Benja. Harrison

ALS, DLC:GW. Harrison did not send this letter until 25 Feb. (see Harrison to GW, that date).

1For this action by the Virginia legislature, see Thomas Jefferson to Harrison, 29 Jan., in Jefferson Papers description begins Julian P. Boyd et al., eds. The Papers of Thomas Jefferson. 41 vols. to date. Princeton, N.J., 1950–. description ends , 4:466–68.

2The previous Wednesday was 14 February.

3Harrison’s letter to Maj. Gen. Nathanael Greene has not been identified, but Greene had replied to Harrison on 20 Jan. (see Greene Papers description begins Richard K. Showman et al., eds. The Papers of General Nathanael Greene. 13 vols. Chapel Hill, N.C., 1976–2005. description ends , 7:162–63). Harrison’s letter to North Carolina governor Abner Nash has not been identified.

4The most recent British expeditions to Virginia had been launched in October and December 1780 (see Greene to GW, 31 Oct., n.4, and GW to Samuel Huntington, 27 Dec., n.2).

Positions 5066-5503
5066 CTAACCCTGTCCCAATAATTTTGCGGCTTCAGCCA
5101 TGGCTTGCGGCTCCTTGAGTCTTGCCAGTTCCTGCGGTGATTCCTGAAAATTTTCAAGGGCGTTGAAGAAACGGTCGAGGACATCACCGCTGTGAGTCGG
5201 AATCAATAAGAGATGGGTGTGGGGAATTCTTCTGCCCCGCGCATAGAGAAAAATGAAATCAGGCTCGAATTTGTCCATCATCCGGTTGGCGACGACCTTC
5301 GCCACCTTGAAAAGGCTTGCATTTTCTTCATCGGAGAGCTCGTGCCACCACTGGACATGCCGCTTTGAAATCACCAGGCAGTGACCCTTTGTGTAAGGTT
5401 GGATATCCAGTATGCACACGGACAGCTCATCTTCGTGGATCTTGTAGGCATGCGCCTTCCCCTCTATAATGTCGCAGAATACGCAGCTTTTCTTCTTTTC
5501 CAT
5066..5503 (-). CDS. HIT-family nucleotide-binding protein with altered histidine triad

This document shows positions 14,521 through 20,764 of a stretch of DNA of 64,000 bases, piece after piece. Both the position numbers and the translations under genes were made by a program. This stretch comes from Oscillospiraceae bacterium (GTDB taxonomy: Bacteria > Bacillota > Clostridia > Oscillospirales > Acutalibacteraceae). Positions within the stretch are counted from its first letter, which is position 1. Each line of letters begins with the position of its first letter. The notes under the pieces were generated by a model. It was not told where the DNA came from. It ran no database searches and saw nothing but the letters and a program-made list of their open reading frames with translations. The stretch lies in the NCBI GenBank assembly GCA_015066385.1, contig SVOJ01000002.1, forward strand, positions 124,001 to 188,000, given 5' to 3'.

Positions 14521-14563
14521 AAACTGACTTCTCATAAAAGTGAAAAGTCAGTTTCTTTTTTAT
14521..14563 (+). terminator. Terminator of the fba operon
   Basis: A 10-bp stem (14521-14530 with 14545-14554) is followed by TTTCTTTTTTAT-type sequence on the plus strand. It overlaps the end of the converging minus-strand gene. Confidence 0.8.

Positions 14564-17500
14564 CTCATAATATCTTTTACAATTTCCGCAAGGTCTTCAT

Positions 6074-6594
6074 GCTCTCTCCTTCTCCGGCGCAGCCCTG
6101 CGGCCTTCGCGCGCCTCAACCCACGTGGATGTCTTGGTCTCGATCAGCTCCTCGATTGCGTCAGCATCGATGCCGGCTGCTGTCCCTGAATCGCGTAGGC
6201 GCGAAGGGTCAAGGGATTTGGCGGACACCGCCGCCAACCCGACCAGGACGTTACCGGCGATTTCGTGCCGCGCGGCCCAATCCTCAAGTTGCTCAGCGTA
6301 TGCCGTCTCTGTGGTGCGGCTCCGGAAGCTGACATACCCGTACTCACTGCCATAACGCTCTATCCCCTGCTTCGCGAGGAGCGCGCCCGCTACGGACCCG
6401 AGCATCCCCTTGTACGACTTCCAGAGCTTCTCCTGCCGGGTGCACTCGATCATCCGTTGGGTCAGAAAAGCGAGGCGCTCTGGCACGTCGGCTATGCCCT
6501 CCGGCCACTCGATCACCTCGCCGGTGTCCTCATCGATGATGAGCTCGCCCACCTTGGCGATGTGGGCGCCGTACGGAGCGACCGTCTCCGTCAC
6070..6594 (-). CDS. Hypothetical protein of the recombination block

5For this act, raising 3,000 men to serve for the duration of the war, see Steuben to GW, 17 Dec. 1780, n.9.

6Harrison evidently wrote the remainder of the letter on or after 20 Feb. 1781 (see n.7 below).

7See Huntington to GW, 20 Feb. (first letter). On 13 Feb., Congress had appointed a committee to confer with Harrison. On 20 Feb., the committee’s report was read in Congress and the delegates passed the resolutions enclosed in Huntington’s letter to GW. See JCC description begins Worthington Chauncey Ford et al., eds. Journals of the Continental Congress, 1774-1789. 34 vols. Washington, D.C., 1904–37. description ends , 19:142, 176–78.

8Harrison refers to the supplies expected from France.

9GW had postponed his planned trip to Newport (see his letters to Rochambeau, 15, 24, and 27 Feb.). He departed on 2 March (see GW to Rochambeau, that date).

10GW replied to Harrison on 27 March that no additional Continental troops could be sent to the southern department (MiU-C: Clinton Papers).